Exciting Developments in Northern Ireland

There is growing interest from schools in Northern Ireland to become Thinking Schools. The Thinking Matters’ approach provides a useful perspective for schools there, many of whom have been searching for more than decade to find an evidence-informed, student-centred model to assist their implementation of the statutory curriculum (CCEA, 2007) in which a ‘Thinking Skills and Personal Capabilities’ framework is ‘infused’ through the Areas of Learning.

Whilst some NI schools have developed interesting and effective cognitive education approaches, many have struggled to make the skills and capabilities transparent and meaningful within their curriculum provision. A number of NI schools have recognised the potential benefits of embracing the Thinking Matters’ whole school approach to the explicit teaching of thinking, which is carefully and strategically planned, monitored and evaluated, and which includes the development of a common language of thinking and learning and consistent use of common thinking tools and strategies across the school.

The concept of Thinking Schools was first pursued in Northern Ireland soon after the curriculum became statutory, with Ballymena Primary School becoming the first local school to gain accreditation from the University of Exeter. Following a highly successful Regio Comenius funded project involving six NI primary schools and four Oslo schools which was led by the then NEELB (North Eastern Education and Library Board) and Oslo Education Authority, St MacNissi’s Primary School, Newtownabbey also succeeded in gaining accreditation as a Thinking School.

Cumran Primary School, NI – A Thinking School

A major review of public administration led to the establishment of a centralised single Education Authority for Northern Ireland in 2015, resulting in the ending of the NEELB and other four ELBs in NI and a consequent reduction in provision of professional development, advisory support and training for schools with the creation of a new regional School Development Service. Since then, Cumran Primary School has been the only NI school to have achieved accreditation as a Thinking School and has recently become the first NI Hub School.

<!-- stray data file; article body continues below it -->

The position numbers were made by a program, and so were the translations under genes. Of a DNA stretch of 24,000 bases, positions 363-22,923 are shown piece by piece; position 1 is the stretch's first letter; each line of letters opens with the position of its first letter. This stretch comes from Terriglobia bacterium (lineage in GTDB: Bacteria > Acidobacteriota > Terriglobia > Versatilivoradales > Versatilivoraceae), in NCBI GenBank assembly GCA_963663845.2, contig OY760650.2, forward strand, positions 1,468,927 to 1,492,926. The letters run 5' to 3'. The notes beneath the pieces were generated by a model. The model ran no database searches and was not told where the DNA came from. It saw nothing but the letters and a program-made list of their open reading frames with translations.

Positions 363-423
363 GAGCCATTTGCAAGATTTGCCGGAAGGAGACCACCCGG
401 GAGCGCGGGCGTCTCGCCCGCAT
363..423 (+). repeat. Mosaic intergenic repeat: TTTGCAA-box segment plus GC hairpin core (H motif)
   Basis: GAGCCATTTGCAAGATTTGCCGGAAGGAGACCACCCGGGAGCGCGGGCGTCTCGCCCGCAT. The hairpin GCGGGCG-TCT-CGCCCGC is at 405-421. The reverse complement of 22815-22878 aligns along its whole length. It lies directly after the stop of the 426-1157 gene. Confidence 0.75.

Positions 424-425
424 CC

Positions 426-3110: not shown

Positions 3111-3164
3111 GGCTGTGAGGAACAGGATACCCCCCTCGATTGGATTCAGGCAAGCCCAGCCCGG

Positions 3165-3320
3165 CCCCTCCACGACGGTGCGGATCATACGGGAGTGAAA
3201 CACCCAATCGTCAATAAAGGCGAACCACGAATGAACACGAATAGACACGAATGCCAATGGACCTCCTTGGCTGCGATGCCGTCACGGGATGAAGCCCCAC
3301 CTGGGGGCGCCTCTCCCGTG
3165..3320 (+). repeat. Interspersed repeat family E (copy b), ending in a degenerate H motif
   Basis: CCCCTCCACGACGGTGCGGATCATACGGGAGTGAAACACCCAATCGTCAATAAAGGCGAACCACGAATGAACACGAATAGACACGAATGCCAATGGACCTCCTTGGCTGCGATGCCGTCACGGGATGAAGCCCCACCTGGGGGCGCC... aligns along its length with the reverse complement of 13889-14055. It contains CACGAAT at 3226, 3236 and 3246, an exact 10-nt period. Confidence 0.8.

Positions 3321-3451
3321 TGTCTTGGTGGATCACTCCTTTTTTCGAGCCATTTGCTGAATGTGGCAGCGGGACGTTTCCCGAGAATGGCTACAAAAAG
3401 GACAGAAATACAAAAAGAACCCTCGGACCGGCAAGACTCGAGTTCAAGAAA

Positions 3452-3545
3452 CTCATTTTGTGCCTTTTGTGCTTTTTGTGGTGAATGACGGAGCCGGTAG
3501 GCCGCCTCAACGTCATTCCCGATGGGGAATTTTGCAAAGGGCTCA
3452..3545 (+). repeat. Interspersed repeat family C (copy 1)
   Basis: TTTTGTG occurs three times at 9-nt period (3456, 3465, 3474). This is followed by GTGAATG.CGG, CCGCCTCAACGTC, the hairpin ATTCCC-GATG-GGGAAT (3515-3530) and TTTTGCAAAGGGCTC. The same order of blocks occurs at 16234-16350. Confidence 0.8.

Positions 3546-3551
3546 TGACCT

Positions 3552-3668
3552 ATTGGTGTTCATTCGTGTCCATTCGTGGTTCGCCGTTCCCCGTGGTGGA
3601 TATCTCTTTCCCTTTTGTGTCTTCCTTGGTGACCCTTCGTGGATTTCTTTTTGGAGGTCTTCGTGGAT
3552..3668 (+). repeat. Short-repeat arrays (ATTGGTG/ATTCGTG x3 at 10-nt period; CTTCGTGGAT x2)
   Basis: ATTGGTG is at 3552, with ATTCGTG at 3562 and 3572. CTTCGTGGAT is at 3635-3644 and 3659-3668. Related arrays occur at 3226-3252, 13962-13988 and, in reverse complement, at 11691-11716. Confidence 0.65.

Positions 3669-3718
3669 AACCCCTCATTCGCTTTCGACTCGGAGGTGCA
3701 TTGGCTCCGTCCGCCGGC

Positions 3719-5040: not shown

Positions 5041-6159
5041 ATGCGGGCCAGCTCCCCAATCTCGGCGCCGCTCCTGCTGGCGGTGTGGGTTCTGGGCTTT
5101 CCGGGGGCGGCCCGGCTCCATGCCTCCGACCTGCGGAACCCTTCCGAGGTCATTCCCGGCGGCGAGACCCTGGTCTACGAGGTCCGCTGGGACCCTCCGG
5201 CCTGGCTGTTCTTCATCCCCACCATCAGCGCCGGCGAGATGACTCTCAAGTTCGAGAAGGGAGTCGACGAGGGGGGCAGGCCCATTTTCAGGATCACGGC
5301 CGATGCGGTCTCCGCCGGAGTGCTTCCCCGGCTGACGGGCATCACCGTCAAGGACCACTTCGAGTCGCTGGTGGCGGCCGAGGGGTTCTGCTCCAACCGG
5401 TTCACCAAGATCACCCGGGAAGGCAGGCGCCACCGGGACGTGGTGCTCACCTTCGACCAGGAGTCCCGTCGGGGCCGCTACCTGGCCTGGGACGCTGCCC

Within recent months, however, with an independent Thinking Matters’ Consultant now based in NI, momentum is building with a renewed interest in Thinking Schools. Earlier this year, a group of fourteen school leaders from eight NI post primary schools visited Leventhorpe School, Hertfordshire to observe good practice. Five of these schools have already commenced training with Thinking Matters, as have a small number of primary schools.

Some NI representatives have attended the annual Thinking Matters’ conference and recognised the benefits of being part of an international network of like-minded schools.

In addition to ongoing developments with individual schools, more exciting plans are unfolding for NI …

  • During the coming autumn term, a Thinking School Open Day will be facilitated in Cumran Primary School to promote the Thinking School approach with an opportunity for interested local primary schools to visit.
  • An inaugural meeting of a NI Thinking Schools’ network will be held later in the autumn term to ensure effective communication and to enable local sharing of practice and provision of mutual support.
  • Plans are also underway to host a one-day Thinking Matters’ NI Conference during Spring term 2020 – further information coming soon!
  • The outcomes of the Regio Comenius Project ‘Developing Thinking Schools: Northern Ireland to Norway’ can be read here.
  • A record of Cumran Primary Schools’ thinking journey can be seen here.

For any schools in Northern Ireland or the Republic of Ireland interested in finding more about becoming a Thinking School using the Thinking Matters’ approach, please contact us

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